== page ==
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Ch 13 and 19 Solutions Horngren 13th Edition

Ch 13 and 19 Solutions Horngren 13th Edition - Ch 13 and 19...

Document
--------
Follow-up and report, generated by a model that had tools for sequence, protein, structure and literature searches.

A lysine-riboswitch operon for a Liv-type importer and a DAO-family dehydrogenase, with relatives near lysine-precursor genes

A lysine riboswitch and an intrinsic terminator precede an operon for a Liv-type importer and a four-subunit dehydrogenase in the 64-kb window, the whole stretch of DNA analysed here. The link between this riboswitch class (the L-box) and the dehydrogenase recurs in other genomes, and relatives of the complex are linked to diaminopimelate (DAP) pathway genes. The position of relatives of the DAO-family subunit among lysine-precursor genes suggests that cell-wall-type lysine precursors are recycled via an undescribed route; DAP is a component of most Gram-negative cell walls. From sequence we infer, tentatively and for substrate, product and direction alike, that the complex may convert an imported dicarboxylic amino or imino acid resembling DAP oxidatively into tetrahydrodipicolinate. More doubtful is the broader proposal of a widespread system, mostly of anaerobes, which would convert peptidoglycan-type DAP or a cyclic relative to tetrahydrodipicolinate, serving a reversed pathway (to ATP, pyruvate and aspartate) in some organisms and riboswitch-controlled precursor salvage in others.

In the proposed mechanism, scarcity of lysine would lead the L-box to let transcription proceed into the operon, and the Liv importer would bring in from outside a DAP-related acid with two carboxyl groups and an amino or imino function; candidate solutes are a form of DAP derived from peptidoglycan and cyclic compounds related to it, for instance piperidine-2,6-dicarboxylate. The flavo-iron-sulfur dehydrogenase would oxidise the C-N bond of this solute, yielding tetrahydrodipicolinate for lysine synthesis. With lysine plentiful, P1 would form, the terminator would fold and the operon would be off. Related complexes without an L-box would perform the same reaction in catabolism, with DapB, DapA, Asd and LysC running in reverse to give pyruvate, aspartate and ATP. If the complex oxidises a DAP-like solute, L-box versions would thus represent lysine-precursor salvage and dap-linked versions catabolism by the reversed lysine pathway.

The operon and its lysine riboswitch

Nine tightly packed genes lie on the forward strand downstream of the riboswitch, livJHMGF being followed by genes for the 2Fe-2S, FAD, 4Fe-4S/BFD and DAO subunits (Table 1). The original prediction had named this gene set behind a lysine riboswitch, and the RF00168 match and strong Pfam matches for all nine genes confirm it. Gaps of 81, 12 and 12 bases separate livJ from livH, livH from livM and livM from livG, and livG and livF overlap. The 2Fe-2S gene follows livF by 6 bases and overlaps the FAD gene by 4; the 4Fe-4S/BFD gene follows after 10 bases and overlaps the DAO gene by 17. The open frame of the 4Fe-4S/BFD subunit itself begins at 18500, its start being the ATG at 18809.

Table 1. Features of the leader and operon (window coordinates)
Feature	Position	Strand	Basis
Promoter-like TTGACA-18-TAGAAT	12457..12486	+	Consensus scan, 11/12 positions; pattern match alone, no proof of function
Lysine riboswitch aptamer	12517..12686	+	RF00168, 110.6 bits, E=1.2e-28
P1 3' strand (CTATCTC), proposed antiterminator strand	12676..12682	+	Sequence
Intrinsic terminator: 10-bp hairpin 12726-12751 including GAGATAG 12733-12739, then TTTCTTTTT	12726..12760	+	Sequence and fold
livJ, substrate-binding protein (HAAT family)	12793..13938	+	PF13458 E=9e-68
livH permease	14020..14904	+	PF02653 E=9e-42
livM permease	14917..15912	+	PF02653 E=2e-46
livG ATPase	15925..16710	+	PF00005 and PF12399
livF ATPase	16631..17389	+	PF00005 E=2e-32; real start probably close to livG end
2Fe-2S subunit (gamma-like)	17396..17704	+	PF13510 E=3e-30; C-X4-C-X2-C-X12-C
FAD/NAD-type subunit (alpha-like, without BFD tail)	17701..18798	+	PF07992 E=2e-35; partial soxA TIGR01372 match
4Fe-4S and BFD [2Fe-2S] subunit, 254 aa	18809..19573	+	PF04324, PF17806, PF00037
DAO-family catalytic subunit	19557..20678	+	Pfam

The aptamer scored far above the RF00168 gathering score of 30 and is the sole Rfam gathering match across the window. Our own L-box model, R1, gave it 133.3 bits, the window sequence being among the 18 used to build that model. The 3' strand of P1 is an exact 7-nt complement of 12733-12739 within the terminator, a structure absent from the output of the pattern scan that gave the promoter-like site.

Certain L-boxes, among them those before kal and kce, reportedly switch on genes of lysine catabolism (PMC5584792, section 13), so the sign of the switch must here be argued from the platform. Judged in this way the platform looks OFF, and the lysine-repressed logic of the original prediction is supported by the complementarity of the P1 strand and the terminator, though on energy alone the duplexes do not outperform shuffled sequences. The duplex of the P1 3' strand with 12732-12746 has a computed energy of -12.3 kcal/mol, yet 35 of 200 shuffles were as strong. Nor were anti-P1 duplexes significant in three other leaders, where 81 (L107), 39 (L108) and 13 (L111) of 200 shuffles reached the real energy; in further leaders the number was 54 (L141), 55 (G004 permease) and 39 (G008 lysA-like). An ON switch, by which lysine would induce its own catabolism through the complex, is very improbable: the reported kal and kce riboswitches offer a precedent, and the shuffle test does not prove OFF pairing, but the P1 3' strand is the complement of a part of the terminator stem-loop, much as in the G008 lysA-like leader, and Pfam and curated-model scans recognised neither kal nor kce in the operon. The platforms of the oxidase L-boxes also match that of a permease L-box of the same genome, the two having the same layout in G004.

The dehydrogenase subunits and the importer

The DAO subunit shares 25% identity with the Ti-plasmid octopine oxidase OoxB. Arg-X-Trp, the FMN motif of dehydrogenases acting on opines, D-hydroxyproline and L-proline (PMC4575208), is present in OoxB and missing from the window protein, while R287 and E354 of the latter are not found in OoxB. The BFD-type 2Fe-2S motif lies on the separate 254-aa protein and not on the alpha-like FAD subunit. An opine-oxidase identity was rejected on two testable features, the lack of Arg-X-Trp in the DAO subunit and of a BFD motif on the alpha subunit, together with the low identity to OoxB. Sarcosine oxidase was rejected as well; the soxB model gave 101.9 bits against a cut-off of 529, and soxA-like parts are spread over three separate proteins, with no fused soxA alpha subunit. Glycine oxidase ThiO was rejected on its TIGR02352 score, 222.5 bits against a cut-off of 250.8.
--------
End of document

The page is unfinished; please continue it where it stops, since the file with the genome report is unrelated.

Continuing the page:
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Ch 13 and 19 Solutions Horngren 13 th Edition 13-1 Strategy specifies how an organization matches its own capabilities with the opportunities in the marketplace to accomplish its objectives. 13-2 The five key forces to consider in industry analysis are: (a) competitors, (b) potential entrants into the market, (c) equivalent products, (d) bargaining power of customers, and (e) bargaining power of input suppliers. 13-6 The four key perspectives in the balanced scorecard are: (1) Financial perspective—this perspective evaluates the profitability of the strategy, (2) Customer perspective—this perspective identifies the targeted customer and market segments and measures the company’s success in these segments, (3) Internal business process perspective—this perspective focuses on internal operations that further both the customer perspective by creating value for customers and the financial perspective by increasing shareholder value, and (4) Learning and growth perspective—this perspective identifies the capabilities the organization must excel at to achieve superior internal processes that create value for customers and shareholders. 13-8 A good balanced scorecard design has several features: 1. It tells the story of a company’s strategy by articulating a sequence of cause-and-effect relationships. 2. It helps to communicate the strategy to all members of the organization by translating the strategy into a coherent and linked set of understandable and measurable operational targets. 3. It places strong emphasis on financial objectives and measures in for-profit companies. Nonfinancial measures are regarded as part of a program to achieve future financial performance. 4. It limits the number of measures to only those that are critical to the implementation of strategy. 5. It highlights suboptimal tradeoffs that managers may make when they fail to consider operational and financial measures together. 13-9 Pitfalls to avoid when implementing a balanced scorecard are: 1. Don’t assume the cause-and-effect linkages are precise; they are merely hypotheses. An organization must gather evidence of these linkages over time. 2. Don’t seek improvements across all of the measures all of the time. 3. Don’t use only objective measures in the balanced scorecard. 4. Don’t fail to consider both costs and benefits of different initiatives before including these initiatives in the balanced scorecard. 5. Don’t ignore nonfinancial measures when evaluating managers and employees. 6. Don’t use too many measures. 19-1 Quality costs (including the opportunity cost of lost sales because of poor quality) can be as much as 10% to 20% of sales revenues of many organizations. Quality-improvement programs can result in substantial cost savings and higher revenues and market share from increased customer satisfaction.
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